pick 33bf560 Add third description heading


Next up is the reword command. This command is used to indicate that a commit will be applied in the rebase, but the commit message is different from the original. This may be useful if there was a typo or if a correction needs to be made in the original message. If we want to reword and apply commit 33bf560 that we picked above, we would update it to the following.

reword 33bf560 This commit message is different from the original


The edit command is up next and I think this one is especially interesting because it allows us to make more changes after a rebase has already been started. Let's say we use the edit command on the third commit in the commit list. The rebase will apply all the commits up to and including the commit that we've indicated with edit. Once the third commit has been applied the rebase will be paused. We can then make additional changes like update or add files and amend the commit we indicated to edit with the new changes. We can then run git rebase --continue to continue the rebase.

In the example below commits 33bf560, 979e6c4, and b499fc4 will all be applied before the rebase breaks to allow us to edit commit b499fc4, which we specified would be edited.

pick 33bf560 Add third description heading
pick 979e6c4 Create link to blog site
edit b499fc4 Insert section to explain feature
pick 5bd6691 Update numbered list to include more talking points

Squash and Fixup

In this section, we'll be touching on two commands that are very similar. The squash and fixup commands are used to combine the changes of two or more commits into a single commit. Since commits are executed from top to bottom we can only squash/fixup the second and subsequent commits. When executing squash/fixup the commits will be melded into previous commits. This means if we use the squash command on the third commit in the list, then that commit will become a single commit with the second in the list.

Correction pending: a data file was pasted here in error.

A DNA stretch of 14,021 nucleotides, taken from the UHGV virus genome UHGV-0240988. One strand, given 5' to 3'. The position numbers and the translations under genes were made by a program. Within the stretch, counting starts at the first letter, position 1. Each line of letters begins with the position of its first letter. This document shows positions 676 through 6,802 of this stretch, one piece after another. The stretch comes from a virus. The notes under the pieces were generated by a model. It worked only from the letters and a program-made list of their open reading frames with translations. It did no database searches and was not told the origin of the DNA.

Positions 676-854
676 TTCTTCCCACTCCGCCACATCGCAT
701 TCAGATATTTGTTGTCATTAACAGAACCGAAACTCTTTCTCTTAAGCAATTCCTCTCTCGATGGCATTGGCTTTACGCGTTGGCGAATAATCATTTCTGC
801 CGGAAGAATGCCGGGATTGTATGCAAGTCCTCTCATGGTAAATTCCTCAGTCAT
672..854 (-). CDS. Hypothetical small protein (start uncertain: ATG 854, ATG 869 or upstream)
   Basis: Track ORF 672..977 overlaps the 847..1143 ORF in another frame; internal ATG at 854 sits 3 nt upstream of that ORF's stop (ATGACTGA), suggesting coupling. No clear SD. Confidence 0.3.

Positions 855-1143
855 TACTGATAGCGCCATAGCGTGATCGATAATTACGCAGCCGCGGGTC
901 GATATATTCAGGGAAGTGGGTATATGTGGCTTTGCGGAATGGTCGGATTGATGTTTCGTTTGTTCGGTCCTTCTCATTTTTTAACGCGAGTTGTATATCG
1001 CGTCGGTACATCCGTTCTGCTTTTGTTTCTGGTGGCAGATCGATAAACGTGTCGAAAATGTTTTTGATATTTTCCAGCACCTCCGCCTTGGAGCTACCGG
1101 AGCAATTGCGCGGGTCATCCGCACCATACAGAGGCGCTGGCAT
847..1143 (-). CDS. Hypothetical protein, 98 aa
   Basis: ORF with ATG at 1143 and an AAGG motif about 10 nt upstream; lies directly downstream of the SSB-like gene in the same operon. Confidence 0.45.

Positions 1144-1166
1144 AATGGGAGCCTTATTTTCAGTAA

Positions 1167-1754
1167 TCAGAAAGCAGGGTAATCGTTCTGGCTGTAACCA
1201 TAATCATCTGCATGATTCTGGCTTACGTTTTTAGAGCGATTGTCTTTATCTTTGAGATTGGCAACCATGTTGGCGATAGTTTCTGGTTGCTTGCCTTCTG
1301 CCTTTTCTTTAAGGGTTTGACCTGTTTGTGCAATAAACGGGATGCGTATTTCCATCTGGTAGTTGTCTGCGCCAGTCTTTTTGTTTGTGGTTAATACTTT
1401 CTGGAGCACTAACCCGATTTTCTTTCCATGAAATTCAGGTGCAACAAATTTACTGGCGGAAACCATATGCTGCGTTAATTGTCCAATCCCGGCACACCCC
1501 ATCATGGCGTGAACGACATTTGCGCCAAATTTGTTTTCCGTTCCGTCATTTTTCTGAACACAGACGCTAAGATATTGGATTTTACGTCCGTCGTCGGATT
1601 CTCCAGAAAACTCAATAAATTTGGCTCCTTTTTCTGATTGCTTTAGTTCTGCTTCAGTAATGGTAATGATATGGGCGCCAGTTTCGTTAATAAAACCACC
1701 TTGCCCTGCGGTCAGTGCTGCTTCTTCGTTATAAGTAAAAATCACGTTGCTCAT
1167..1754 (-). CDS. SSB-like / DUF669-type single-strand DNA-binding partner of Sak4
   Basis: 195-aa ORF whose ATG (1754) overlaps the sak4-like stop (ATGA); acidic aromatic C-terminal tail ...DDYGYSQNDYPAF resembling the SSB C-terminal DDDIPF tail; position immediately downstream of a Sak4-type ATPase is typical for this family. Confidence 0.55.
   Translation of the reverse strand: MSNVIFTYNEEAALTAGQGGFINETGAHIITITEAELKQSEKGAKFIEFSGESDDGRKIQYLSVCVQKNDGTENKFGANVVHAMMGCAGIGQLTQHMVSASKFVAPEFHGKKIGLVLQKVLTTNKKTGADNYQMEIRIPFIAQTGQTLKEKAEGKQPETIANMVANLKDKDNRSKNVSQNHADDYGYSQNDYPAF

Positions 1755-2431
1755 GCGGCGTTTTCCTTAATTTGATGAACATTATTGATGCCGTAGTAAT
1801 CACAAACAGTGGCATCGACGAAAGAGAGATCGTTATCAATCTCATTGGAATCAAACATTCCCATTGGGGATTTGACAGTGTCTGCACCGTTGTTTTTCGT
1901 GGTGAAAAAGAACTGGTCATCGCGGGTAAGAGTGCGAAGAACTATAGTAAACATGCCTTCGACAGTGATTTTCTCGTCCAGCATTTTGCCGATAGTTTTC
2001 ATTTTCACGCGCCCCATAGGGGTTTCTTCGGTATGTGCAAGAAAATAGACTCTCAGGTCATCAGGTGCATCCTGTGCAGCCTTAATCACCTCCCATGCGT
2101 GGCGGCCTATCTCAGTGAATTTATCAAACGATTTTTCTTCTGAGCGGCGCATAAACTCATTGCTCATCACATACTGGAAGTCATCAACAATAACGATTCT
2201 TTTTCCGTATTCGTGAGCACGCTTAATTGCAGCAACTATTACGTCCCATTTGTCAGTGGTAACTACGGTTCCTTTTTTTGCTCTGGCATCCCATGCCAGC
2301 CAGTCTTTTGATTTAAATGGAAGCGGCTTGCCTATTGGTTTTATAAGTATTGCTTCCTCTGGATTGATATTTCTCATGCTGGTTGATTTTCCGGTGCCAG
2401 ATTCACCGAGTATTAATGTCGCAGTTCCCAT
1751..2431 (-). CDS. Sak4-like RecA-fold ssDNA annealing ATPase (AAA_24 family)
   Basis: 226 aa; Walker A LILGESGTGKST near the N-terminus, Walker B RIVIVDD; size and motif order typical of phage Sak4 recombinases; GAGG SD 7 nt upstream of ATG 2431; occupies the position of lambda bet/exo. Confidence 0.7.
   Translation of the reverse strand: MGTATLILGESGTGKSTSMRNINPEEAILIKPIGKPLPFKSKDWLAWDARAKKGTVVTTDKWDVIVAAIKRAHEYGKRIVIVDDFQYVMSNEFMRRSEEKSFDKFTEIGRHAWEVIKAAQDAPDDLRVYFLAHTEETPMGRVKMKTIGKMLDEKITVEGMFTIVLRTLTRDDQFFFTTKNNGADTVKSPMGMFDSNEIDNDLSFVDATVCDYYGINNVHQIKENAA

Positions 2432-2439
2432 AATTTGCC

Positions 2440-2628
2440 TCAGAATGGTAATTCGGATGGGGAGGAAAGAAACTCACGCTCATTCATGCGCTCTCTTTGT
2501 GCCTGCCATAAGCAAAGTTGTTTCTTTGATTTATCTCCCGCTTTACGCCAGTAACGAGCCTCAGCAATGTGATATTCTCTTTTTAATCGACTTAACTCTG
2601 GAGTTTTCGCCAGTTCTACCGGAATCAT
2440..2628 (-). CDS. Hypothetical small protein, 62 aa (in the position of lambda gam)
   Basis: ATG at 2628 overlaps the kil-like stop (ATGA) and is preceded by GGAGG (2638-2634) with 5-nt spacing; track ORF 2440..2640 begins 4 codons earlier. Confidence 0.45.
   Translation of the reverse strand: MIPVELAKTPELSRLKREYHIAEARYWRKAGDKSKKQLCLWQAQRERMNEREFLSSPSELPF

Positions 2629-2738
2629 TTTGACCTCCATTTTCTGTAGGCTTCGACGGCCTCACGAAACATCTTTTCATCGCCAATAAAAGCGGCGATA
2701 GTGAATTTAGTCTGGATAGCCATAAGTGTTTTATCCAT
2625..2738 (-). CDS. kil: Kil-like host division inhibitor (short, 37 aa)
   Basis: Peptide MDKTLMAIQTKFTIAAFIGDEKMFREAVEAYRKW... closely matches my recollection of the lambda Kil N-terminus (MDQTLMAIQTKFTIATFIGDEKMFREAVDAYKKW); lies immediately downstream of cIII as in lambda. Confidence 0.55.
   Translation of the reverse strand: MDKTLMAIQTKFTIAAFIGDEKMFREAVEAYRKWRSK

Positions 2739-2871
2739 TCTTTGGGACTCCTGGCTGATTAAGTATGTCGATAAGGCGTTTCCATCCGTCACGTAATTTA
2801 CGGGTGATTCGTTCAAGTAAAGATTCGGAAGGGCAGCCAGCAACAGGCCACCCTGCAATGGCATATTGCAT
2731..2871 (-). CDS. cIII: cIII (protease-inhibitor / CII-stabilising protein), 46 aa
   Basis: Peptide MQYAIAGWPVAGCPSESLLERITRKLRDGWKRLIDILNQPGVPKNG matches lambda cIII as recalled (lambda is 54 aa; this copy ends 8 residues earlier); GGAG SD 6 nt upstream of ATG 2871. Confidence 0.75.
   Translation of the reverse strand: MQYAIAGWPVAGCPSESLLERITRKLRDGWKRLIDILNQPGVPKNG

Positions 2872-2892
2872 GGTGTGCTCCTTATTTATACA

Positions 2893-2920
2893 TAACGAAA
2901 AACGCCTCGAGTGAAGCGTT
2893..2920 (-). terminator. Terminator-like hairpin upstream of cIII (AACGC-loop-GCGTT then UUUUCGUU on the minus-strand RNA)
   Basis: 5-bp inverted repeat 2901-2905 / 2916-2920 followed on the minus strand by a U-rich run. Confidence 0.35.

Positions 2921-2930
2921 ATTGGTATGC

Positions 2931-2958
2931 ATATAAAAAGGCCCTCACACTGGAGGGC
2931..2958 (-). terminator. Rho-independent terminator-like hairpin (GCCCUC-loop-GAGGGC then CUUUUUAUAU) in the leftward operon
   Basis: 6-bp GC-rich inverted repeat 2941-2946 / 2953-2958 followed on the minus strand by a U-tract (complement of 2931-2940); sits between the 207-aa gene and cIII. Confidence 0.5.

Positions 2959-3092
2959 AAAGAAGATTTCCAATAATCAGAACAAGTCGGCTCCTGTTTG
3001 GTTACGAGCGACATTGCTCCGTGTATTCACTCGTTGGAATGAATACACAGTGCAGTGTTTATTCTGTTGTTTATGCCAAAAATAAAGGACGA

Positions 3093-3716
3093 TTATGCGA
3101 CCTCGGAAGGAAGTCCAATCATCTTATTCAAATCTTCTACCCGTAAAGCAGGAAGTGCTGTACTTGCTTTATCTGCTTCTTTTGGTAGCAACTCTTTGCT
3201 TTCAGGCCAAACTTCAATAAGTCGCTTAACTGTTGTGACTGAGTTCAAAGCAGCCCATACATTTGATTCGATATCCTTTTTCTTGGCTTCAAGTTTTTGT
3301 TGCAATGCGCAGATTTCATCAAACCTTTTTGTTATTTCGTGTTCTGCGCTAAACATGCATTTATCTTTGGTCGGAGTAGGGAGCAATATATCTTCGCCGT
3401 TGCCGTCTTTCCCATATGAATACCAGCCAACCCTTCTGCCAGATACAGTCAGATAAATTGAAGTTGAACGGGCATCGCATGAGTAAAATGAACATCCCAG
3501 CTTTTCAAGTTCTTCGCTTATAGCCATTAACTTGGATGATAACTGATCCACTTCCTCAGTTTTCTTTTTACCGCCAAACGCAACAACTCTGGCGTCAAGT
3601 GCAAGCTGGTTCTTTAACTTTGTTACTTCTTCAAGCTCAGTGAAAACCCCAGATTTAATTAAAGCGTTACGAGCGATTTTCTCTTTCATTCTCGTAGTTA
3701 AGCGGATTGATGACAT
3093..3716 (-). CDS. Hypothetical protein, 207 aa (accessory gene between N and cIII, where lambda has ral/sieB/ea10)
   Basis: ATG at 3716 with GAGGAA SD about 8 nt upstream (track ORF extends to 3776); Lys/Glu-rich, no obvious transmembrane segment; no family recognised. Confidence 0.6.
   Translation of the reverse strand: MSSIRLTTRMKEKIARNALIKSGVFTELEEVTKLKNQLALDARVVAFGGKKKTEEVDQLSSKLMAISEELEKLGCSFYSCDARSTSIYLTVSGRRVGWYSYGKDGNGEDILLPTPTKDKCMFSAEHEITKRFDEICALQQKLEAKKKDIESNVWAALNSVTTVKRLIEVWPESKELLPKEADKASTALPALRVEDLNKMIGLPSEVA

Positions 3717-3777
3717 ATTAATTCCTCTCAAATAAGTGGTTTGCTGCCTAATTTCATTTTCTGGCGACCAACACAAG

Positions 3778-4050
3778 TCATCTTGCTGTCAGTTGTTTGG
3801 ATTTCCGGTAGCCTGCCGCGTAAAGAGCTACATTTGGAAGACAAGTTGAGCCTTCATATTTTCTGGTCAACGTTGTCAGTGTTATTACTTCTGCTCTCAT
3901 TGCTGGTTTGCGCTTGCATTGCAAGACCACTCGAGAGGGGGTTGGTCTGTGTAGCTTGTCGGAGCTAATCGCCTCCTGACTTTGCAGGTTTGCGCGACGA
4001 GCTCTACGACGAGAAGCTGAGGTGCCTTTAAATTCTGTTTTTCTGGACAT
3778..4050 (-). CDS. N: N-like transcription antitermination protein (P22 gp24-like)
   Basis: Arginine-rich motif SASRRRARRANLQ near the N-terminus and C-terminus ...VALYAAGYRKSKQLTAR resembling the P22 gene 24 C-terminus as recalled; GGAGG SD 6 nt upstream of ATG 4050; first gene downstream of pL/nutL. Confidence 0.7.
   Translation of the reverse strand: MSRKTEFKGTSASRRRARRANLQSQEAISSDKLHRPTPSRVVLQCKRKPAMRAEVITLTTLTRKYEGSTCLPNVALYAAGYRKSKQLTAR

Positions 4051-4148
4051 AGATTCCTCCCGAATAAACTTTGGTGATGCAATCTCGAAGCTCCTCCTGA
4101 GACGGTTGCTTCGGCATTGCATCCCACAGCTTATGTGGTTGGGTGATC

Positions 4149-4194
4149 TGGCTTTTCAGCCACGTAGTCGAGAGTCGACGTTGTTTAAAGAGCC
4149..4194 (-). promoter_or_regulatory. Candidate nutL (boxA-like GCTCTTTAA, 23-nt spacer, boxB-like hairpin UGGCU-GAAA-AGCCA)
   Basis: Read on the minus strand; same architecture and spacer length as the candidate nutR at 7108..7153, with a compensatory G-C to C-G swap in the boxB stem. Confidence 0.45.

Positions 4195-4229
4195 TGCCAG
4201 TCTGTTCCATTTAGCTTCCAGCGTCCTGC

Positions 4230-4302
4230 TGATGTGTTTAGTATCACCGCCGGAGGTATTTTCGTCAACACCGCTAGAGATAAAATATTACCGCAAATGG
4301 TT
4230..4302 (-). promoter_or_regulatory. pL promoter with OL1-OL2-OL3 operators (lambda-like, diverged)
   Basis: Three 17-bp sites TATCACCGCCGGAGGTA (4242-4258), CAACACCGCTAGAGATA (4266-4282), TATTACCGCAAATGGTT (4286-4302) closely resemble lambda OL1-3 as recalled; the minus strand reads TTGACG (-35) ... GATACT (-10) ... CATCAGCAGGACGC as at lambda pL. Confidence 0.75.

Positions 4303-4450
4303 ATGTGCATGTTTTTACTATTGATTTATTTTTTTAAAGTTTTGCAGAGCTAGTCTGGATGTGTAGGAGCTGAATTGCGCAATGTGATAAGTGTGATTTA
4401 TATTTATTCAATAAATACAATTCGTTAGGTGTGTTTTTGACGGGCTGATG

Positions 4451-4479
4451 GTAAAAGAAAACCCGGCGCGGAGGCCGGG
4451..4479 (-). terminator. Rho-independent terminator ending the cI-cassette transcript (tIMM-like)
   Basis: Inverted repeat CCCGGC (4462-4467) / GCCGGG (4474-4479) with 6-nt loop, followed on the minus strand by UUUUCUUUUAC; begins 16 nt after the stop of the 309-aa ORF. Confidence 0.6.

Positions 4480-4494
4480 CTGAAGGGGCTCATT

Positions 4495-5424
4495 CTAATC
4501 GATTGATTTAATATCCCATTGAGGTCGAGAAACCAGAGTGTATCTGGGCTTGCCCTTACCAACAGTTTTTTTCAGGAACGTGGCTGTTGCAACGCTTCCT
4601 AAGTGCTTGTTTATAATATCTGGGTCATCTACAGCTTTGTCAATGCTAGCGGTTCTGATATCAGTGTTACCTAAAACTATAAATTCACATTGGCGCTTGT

The difference between squash and fixup is what will happen to the commit messages. When using squash the squashed commit(s)'s message(s) will be concatenated and included in the single squashed commit. When using fixup the folded commit(s)'s message(s) will be discarded in favor of the previous commit's message. If commit authors differ, the previous commit's author will be the author for the resulting single commit.

In the example below commit b499fc4 will be squashed into commit 979e6c4 and the commit message will be concatenated in the resulting commit. Commit 5bd6691 will also be melded into the resulting 979e6c4, but the commit message will be discarded.

pick 33bf560 Add third description heading
pick 979e6c4 Create link to blog site
squash b499fc4 Insert section to explain feature
fixup 5bd6691 Update numbered list to include more talking points


The exec command has maybe the most limited use case (as far I can see) of all of the interactive rebase menu options. Using exec will essentially execute the indicated line in the shell. This means that we can run additional shell commands throughout the process of the rebase. For example, if we have some changes in the rebase that merit running the tests or compiling the code throughout, we can add add exec dotnet test or exec npm run build to run those commands during the rebase.

The example below will run the dotnet build and dotnet test commands during the rebase as the commits are applied from top to bottom.

pick 33bf560 Add third description heading
pick 979e6c4 Create link to blog site
edit b499fc4 Insert section to explain feature
exec dotnet build
pick 5bd6691 Update numbered list to include more talking points
exec dotnet test


Last but not least we have the drop command. This command is just as simple as pick. We can use drop when we want to completely drop or exclude a commit from the rebase. So if we want to exclude a particular commit, we can use the following command. Alternatively, we could just delete the line altogether and it would effectively be the same as using the drop command.

drop 33bf560 Add third description heading

That is a complete rundown of all the available options during an interactive rebase. My hope is that understanding how to use each of the commands will help reduce the anxiety that can come about from rebase changes from one branch onto another.

As always thank you for taking the time to read this blog post!